My Take

Test Hong Kong's primary pupils can do without

PUBLISHED : Wednesday, 24 June, 2015, 2:29am
UPDATED : Wednesday, 24 June, 2015, 2:29am

Of all the useless exam atrocities inflicted on young lives in Hong Kong, the territory-wide system assessments (TSAs) must rank very high.

Some functionaries at the Education Bureau came up with this wicked scheme and the bureau launched this city-wide test in 2004.

Ever since, in addition to all the exams, texts and study drills, pupils at Primary Three and Six have had to prepare for TSAs as well.

Yet, what's the point of TSAs, which test English, Chinese and maths?

As a parent, I would say there is absolutely no point, for pupils or parents. A new survey by the Professional Teachers' Union finds 65 per cent of teachers want the test canned. They are right.

The assessments are supposed to track a student's academic progress and the schools' education results. But who uses the data? It's useless for parents and pupils because TSA results are not used as a reference for allocation to secondary school places. Supposedly, TSAs don't affect the academic future of pupils. So why study for them?

Essentially, students drill for the school's standing in the bureau's rating or scaling system, but not for themselves. I believe that's the main reason why the purpose of TSAs is often not spelled out to parents; otherwise, smart parents and students would just ignore them, and that, of course, would affect a school's education outcomes and standing with the bureau.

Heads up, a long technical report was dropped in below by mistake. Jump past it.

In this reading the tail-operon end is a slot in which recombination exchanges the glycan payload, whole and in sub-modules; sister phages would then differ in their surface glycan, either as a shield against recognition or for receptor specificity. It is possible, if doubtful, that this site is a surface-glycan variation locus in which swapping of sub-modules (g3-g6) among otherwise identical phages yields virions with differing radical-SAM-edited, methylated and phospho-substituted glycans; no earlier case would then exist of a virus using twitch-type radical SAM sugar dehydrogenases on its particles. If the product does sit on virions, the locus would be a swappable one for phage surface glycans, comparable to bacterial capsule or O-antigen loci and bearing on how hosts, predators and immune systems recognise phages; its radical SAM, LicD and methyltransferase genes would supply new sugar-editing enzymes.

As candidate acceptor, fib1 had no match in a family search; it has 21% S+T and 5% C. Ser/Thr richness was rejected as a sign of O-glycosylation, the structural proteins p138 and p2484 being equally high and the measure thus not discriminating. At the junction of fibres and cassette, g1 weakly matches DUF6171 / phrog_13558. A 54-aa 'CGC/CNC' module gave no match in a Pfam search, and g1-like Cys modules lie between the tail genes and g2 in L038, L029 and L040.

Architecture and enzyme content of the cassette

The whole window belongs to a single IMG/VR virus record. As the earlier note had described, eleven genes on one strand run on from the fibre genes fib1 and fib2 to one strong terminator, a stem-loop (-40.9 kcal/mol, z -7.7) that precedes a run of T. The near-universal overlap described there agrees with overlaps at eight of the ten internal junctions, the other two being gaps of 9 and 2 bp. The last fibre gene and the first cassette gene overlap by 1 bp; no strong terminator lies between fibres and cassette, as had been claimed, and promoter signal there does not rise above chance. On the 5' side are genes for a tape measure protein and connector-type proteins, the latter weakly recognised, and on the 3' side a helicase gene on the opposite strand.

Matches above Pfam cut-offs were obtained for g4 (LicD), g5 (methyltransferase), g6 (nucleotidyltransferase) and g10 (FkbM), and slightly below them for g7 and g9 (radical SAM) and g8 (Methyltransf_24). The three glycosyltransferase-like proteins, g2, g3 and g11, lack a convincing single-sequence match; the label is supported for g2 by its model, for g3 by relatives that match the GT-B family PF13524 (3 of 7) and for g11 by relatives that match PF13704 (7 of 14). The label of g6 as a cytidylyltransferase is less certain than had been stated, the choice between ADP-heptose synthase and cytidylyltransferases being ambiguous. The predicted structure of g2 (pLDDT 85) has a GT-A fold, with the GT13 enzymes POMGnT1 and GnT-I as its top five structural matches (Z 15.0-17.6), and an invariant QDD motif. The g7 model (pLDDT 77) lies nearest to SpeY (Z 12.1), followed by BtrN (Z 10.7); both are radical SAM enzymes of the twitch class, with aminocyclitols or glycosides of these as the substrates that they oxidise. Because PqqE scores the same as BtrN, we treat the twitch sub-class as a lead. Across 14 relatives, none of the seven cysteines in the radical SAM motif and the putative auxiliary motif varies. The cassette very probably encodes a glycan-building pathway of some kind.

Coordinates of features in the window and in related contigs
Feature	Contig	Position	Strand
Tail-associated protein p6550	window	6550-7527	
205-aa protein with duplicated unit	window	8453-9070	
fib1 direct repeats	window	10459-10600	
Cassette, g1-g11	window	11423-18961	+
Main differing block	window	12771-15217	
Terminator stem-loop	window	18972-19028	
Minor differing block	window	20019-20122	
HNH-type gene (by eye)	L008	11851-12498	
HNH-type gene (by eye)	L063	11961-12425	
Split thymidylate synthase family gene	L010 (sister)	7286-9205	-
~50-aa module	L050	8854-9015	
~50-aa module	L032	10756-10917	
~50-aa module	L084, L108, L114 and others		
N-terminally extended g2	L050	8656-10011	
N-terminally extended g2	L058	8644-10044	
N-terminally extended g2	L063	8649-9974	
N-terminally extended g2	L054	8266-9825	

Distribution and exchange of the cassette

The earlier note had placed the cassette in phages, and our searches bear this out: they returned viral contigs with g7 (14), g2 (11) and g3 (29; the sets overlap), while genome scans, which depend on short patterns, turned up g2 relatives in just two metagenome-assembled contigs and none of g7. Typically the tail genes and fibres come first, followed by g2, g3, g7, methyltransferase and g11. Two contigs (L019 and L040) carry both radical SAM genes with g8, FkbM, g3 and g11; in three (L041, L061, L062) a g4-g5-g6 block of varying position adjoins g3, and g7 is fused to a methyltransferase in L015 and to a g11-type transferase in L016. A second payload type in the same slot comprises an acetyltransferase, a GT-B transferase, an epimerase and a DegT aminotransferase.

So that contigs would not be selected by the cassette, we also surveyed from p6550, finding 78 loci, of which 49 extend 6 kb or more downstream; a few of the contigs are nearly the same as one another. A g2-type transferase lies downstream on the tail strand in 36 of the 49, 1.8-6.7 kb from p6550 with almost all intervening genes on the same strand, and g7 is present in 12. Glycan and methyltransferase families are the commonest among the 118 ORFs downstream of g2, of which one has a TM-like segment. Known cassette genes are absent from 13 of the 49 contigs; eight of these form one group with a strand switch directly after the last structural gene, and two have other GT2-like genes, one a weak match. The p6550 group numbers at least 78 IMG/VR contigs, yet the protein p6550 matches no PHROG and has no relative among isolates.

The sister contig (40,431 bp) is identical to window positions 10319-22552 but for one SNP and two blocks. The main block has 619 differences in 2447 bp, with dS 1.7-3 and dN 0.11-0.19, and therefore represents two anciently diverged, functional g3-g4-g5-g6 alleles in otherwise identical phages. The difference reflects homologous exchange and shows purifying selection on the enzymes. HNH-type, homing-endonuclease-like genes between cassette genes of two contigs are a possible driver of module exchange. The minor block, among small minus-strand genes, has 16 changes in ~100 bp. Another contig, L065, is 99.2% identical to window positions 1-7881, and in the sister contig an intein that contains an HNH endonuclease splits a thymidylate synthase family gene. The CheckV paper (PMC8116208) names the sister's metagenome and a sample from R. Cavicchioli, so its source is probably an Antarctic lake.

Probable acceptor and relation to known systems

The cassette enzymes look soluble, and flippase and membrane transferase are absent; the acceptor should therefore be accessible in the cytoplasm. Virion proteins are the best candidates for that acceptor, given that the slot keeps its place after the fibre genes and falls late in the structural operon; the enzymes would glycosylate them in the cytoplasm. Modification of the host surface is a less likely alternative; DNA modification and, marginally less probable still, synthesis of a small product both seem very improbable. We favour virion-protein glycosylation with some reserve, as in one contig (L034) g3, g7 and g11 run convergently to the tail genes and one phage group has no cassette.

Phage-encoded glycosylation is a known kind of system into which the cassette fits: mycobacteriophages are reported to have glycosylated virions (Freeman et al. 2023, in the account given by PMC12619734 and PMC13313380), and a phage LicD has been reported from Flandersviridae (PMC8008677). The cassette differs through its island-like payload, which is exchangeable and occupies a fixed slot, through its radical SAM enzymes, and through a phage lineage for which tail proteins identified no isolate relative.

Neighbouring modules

But you can't blame the schools because that's how the bureau sets up the game.

TSA data is probably useful for at least two purposes. Since the band one to band five system was modified into band one to band three, schools still need to be classified, and TSA data helps with that. Secondly, three exams in Primary Five and Six mostly serve to determine a pupil's allocation to secondary school places. But the exam materials and outcomes may vary from school to school, so the bureau needs to scale and rank the schools for comparison. TSAs can be used for that, too.

In other words, TSAs serve an administrative, but not an educational, purpose.

We did without TSAs before 2004. We would surely do fine without them if they were abolished now.